Landscape with Happily Ever After, by Lynn Melnick

Near midnight I’m held
hostage to the hazy upshot in the corner

velvet near a laced up tree and curious how I got here.

What a crowd! I think
and I think I should hoard my stash in my shoe.
Did you catch the census takers trying to autocorrect
the shelterbelt out of my history

when meanwhile

I’ve been fending off elements
since I first showed up at this latitude so

I don’t trust easy.
In 5, 4, 3, 2, 1
you ask me outside

where the music dims
against the complicated bramble

and I love how the moon

is gilding the rusted basketball hoop in the driveway
and bouncing off the sheen of the rubber tree

and onto this fable
in a city that bleeds its saline soil

into another difficult year.

Lenore, by Edgar Allan Poe

Ah broken is the golden bowl! the spirit flown forever!
Let the bell toll!–a saintly soul floats on the Stygian river;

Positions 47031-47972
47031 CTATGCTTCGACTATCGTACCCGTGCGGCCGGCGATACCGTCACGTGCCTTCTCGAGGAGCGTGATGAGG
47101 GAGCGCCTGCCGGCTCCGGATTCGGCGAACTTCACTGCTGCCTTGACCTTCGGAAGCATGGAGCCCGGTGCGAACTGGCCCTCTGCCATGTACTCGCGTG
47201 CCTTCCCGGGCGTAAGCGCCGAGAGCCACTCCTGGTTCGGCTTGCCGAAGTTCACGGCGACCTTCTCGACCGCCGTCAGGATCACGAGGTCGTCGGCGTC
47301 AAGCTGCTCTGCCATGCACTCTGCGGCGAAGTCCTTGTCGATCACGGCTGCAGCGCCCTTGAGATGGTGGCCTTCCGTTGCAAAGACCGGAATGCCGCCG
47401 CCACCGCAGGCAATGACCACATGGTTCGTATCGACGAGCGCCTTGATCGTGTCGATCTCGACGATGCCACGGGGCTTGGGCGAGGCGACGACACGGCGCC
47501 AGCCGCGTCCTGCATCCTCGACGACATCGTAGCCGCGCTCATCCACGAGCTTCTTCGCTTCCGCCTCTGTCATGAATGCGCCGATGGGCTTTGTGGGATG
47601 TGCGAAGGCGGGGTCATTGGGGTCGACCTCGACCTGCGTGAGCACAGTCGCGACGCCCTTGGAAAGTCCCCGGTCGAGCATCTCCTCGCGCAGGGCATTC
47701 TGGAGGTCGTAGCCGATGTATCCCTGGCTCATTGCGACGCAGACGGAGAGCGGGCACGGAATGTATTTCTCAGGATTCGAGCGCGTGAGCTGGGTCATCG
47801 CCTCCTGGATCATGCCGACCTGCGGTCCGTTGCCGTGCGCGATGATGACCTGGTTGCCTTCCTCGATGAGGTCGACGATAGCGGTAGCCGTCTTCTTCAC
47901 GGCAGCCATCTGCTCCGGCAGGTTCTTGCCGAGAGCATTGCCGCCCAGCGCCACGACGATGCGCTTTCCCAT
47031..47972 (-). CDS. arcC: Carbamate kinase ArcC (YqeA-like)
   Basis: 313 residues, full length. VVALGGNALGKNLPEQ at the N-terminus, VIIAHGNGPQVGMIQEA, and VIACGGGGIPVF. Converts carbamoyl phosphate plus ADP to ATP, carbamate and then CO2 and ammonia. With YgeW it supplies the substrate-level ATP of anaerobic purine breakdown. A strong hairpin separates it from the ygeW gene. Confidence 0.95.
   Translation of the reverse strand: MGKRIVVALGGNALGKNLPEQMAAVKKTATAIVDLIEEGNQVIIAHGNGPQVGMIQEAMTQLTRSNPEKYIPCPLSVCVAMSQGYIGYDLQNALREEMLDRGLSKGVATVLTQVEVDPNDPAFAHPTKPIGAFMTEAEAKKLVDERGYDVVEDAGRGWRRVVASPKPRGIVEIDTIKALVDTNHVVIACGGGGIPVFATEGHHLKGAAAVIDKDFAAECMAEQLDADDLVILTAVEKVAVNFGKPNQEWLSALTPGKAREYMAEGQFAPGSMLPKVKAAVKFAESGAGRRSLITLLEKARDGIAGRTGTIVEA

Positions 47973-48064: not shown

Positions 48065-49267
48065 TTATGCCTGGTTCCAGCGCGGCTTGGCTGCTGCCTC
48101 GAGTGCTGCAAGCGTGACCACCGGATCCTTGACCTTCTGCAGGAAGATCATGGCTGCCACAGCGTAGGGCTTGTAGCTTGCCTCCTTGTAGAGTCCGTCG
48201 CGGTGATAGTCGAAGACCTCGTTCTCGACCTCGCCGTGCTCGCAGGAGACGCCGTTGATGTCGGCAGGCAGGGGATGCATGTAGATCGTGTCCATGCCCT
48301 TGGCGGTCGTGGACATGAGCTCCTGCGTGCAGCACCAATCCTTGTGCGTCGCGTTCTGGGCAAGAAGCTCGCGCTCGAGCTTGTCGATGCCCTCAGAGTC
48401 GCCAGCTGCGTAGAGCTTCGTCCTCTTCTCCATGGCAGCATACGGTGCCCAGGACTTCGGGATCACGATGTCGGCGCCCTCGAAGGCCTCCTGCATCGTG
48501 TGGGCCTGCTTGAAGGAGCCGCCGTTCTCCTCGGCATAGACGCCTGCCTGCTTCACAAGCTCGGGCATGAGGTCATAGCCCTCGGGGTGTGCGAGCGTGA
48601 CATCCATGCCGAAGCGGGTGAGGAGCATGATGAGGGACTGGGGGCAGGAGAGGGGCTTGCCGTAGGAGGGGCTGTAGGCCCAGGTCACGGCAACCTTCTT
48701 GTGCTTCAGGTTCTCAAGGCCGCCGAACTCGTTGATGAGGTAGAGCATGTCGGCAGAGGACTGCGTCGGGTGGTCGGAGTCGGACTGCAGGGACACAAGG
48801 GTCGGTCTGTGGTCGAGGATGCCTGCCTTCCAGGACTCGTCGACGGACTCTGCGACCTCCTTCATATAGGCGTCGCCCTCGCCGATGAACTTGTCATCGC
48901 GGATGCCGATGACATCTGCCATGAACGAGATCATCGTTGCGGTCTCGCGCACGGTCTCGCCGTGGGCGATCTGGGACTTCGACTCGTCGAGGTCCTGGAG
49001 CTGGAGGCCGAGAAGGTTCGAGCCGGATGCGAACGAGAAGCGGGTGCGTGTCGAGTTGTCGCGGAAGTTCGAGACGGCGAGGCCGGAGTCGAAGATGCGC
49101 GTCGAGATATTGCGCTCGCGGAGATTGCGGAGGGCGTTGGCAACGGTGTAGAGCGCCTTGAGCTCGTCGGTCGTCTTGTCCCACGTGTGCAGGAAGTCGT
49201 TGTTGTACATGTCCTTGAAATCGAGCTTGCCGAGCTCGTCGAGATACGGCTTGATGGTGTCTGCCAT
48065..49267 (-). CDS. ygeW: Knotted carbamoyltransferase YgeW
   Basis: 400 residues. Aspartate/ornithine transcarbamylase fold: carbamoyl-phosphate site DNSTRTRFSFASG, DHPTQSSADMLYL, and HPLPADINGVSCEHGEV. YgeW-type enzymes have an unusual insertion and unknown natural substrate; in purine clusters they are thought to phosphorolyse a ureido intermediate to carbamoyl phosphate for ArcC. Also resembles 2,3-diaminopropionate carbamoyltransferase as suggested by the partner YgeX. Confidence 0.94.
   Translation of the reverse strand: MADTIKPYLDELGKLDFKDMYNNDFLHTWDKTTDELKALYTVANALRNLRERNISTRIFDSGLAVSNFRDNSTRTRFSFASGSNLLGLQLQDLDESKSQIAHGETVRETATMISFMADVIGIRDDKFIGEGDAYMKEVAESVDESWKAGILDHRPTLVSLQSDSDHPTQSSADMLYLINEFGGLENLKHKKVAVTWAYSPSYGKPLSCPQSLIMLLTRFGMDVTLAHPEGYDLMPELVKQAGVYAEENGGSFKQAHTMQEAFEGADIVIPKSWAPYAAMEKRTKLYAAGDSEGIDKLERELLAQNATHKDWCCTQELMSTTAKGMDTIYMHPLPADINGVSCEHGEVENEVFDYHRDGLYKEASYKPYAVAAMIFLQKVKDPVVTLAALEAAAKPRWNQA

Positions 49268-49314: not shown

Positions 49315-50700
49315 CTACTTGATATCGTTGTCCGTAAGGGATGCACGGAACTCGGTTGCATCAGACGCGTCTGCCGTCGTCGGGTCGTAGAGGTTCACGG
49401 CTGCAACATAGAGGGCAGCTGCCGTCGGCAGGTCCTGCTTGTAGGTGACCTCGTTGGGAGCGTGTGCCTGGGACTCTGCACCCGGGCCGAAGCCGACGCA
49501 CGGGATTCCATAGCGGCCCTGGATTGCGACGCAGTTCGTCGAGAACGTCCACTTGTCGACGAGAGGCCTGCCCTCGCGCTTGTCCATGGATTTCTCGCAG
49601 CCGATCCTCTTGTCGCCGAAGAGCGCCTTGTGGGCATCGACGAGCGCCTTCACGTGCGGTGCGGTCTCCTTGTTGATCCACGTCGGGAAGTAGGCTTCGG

And, Guy De Vere, hast thou no tear?–weep now or never more!
See! on yon drear and rigid bier low lies thy love, Lenore!
Come! let the burial rite be read–the funeral song be sung!–
An anthem for the queenliest dead that ever died so young–
A dirge for her the doubly dead in that she died so young.

“Wretches! ye loved her for her wealth and hated her for her pride,
“And when she fell in feeble health, ye blessed her–that she died!
“How shall the ritual, then, be read?–the requiem how be sung
“By you–by yours, the evil eye,–by yours, the slanderous tongue
“That did to death the innocent that died, and died so young?”

Peccavimus; but rave not thus! and let a Sabbath song
Go up to God so solemnly the dead may feel so wrong!
The sweet Lenore hath “gone before,” with Hope, that flew beside
Leaving thee wild for the dear child that should have been thy bride–
For her, the fair and debonair, that now so lowly lies,
The life upon her yellow hair but not within her eyes–
The life still there, upon her hair–the death upon her eyes.

“Avaunt! to-night my heart is light. No dirge will I upraise,
“But waft the angel on her flight with a Pæan of old days!
“Let no bell toll!–lest her sweet soul, amid its hallowed mirth,
“Should catch the note, as it doth float up from the damnéd Earth.
“To friends above, from fiends below, the indignant ghost is riven–
“From Hell unto a high estate far up within the Heaven–
“From grief and groan, to a golden throne, beside the King of Heaven.”